The Psychology of Rewards

We live at the best time ever to be consumers. Every brand we love and store we frequent wants to reward that loyalty. It seems marketers have figured out the big secret: We humans are just like a pack of dogs, or rather Pavlov’s dogs, and come running for rewards.

Rewards
“Rewards,” Creative Commons license. | Credit: Flickr by GotCredit

We live at the best time ever to be consumers. Every brand we love and store we frequent wants to reward that loyalty. It seems marketers have figured out the big secret: We humans are just like a pack of dogs, or rather Pavlov’s dogs, and come running for rewards.

Extrinsic motivation, or our behavior which is driven by the anticipation of being rewarded by others for engaging in specific behaviors, drives much of the choices we make in life — how we perform our jobs and what products we chose to buy.

And down deep that motivation is linked to what I’ve said before is our greatest psychological driver: our survival DNA. Unconsciously, rewards help us feel like we are getting closer to that place in life where we have what we need to survive the daily battle to fulfill needs and wants that propel us ahead of the pack.

When we get something cheaper than usual, more than what we paid for or something for free, as a rewards program often delivers — in our unconscious minds, we are stronger, better, richer, faster or have more resources than others, and so we are posed to survive. And it’s fun!

Getting rewards is like playing a game we know we can win. We do little things that take little effort on our part and get something back, like a two-for-one deal, a free gift, a big discount on a purchase. Even small prices, like a free car wash worth $10, can spark a dopamine rush. And when we drive out of that “free” car wash, we have a bigger smile on our face than when we paid for a car wash that was just as fast and clean. It’s simple how we are wired.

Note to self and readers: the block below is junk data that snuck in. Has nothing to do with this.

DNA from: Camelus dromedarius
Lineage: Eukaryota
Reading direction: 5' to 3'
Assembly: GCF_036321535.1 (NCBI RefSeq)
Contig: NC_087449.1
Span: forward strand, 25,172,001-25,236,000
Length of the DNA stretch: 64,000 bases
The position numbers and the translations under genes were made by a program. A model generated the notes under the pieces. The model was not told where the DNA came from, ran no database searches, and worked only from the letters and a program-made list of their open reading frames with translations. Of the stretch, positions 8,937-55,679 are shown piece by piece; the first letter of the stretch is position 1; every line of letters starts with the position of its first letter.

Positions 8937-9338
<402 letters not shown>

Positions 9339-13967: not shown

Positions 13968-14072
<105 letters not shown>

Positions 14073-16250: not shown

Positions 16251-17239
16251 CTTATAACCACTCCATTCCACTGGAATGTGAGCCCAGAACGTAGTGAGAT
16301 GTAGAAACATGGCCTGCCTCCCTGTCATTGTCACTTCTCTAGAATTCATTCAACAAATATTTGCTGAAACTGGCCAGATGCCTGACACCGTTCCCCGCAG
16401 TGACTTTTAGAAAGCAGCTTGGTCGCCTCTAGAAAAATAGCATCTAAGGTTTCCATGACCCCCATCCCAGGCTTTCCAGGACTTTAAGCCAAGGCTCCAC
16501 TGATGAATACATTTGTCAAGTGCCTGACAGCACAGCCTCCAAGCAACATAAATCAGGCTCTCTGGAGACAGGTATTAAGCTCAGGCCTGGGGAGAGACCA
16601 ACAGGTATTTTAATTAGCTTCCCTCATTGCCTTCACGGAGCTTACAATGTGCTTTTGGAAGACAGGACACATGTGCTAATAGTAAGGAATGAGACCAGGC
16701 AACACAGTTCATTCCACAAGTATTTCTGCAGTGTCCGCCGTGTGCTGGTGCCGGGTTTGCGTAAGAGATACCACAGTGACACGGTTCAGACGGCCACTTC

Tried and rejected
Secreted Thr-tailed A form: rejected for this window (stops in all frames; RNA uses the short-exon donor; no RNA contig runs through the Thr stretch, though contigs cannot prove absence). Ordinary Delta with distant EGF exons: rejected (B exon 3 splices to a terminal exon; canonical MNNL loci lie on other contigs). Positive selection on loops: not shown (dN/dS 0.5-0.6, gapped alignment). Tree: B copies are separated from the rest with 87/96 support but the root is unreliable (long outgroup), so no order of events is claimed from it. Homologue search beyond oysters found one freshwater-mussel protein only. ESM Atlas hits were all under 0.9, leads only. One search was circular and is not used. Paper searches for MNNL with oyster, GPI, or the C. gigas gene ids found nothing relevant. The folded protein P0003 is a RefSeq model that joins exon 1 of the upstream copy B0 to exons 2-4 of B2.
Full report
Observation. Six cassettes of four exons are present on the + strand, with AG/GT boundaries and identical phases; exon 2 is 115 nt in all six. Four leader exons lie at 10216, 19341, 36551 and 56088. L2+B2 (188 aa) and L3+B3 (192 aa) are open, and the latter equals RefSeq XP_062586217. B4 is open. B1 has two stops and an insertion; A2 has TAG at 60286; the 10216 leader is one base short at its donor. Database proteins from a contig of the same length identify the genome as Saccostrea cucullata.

Loyalty Programs Spark Brain Triggers

Rewards programs have long been successful, in all industries, to spark trial, boost incremental sales and secure loyalty. We eagerly sign up for point programs that can earn us free pizzas, airline tickets, hotel nights and such.

And then really smart marketers came along and let us choose our rewards, like American Express Membership Rewards, that let consumers shop various brands for products purchased strictly through points. And today, marketers are getting even smarter and building apps for rewards programs that cater to the current frenzy and greatest needs of consumers today: instantaneousness.

Ibotta Case Study: Ugotta Love It and UGottaDo It